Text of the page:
• Justice Miscarried - Gov. McDonnell refused to intervene in the execution of Teresa Lewis, who was convicted of plotting the murders of her husband and stepson. I'm a supporter of the death penalty and I don't think Lewis should have gotten off because of her sex or because of her intelligence, which was measured in the range indicating she was perhaps slightly mentally retarded. The facts of the case indicate that she was smart enough to know what she was doing and to know it was wrong. But I believe justice was miscarried because Lewis was executed after two accomplices, who actually committed the murders, received life sentences. If the crime merited a death sentence -- and it probably did -- then it merited three.
  • Courts rule in favor of gay rights - Just as African Americans and women found the federal courts more willing to protect their civil rights than the U.S. Congress or state governments, gay Americans are seeing their rights upheld in court. A federal judge recently ruled that California's ban on gay marriage was unconstitutional and served no purpose except to discriminate against gays and lesbians. The judge really had no choice since the proponents of the ban offered little in defense of their position. The judge concluded that stripping civil rights from citizens based on their difference from other citizens was not the proper subject of a referendum or legislation. Another federal judge last week ruled the military's "Don't Ask, Don't Tell" policy -- which bars openly gay service members -- unconstitutional. That came only a day after Republicans managed to filibuster an attempt to repeal DADT.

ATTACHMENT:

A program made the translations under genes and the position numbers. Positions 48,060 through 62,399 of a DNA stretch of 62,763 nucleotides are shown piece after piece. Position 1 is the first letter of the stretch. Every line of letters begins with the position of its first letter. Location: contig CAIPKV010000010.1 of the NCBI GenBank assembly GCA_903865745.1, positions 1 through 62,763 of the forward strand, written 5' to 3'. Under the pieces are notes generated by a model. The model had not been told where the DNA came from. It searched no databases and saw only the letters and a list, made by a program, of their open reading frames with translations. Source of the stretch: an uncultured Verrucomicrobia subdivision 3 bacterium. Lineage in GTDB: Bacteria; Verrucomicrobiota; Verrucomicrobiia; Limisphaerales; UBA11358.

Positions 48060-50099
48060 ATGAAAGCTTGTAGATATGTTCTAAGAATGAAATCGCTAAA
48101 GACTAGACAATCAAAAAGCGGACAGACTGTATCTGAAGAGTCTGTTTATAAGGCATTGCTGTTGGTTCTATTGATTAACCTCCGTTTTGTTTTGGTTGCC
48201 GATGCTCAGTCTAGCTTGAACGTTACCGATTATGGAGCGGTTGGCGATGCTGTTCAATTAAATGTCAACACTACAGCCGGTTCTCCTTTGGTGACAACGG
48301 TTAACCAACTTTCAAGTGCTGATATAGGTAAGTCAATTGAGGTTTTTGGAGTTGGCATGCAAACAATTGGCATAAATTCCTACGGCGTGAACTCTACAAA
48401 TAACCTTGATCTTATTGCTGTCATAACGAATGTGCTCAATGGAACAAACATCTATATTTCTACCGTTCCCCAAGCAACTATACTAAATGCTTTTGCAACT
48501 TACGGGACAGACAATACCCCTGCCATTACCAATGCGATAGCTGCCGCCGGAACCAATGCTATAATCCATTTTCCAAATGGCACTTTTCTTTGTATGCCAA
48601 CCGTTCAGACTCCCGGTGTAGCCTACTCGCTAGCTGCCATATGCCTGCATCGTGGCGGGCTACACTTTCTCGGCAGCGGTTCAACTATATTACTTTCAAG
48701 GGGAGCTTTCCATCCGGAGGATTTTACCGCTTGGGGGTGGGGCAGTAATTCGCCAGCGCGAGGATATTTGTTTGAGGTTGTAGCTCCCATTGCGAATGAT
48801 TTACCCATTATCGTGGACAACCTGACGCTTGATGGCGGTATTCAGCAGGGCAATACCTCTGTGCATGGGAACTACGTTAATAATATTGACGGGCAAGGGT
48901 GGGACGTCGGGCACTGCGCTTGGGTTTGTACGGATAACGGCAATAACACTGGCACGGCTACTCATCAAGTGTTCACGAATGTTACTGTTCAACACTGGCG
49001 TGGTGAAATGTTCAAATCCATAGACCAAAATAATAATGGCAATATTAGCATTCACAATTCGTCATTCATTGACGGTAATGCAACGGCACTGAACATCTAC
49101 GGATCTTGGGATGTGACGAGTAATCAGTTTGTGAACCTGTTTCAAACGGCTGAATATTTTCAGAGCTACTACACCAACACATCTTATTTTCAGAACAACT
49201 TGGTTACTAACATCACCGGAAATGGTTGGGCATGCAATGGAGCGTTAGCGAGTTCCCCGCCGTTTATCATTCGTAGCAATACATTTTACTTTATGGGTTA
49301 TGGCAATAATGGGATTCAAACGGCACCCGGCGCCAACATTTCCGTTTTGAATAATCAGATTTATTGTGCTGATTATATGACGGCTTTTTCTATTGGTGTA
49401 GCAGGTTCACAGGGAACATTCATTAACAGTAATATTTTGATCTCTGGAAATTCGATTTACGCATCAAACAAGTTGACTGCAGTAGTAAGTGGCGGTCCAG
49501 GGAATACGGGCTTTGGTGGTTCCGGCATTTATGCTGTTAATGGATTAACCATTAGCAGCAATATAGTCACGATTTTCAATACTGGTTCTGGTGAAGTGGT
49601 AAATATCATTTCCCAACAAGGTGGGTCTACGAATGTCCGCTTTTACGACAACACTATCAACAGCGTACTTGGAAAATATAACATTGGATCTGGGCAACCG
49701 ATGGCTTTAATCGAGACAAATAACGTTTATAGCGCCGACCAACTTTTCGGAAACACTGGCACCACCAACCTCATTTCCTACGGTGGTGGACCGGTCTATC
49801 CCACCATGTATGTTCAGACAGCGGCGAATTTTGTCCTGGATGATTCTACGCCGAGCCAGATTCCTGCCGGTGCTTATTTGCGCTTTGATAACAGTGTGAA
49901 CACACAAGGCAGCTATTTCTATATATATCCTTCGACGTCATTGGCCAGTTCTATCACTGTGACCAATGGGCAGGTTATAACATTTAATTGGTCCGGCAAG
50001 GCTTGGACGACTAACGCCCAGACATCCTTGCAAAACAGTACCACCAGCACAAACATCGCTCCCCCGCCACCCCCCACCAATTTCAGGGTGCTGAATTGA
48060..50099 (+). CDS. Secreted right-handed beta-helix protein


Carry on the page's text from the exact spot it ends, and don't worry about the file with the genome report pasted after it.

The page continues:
• What happens in weird -- Vegas is an interesting place. Especially for someone who spends a lot of time in Williamsburg. Williamsburg is sort of the anti-Vegas.  While Williamsburg focuses on its history, Vegas tries to obscure some of its past. The marker about Bugsy Siegal at The Flamingo doesn't mention his mob ties. While Williamsburg worries about filling 9,000 hotel rooms, there were more hotel rooms at the one corner of the Vegas Strip, between The Flamingo, the Bellagio, Ceasar's Palace and Bally's. While Williamsburg's ideal of architectural integrity results in everything in town being built with the same two-to-three story ticky-tacky red brick neo-Colonial facades, from my hotel window I could see a replica of the Eiffel Tower, an Italian villa, a recreation of the New York City skyline, a castle and a black glass pyramid, all at least 20 stories tall. Williamsburg planning director Reed  Nester told me that when the national convention for city planners was held in Vegas a few years ago he learned that their conservation program revolved around preserving their vintage neon signs. Vegas is something everybody ought to see once, even if -- like me -- you aren't all that interested in gambling. Just the scale of the place makes it interesting. And there's something very American about the city, obsessed as it is with size, money, entertainment and sex.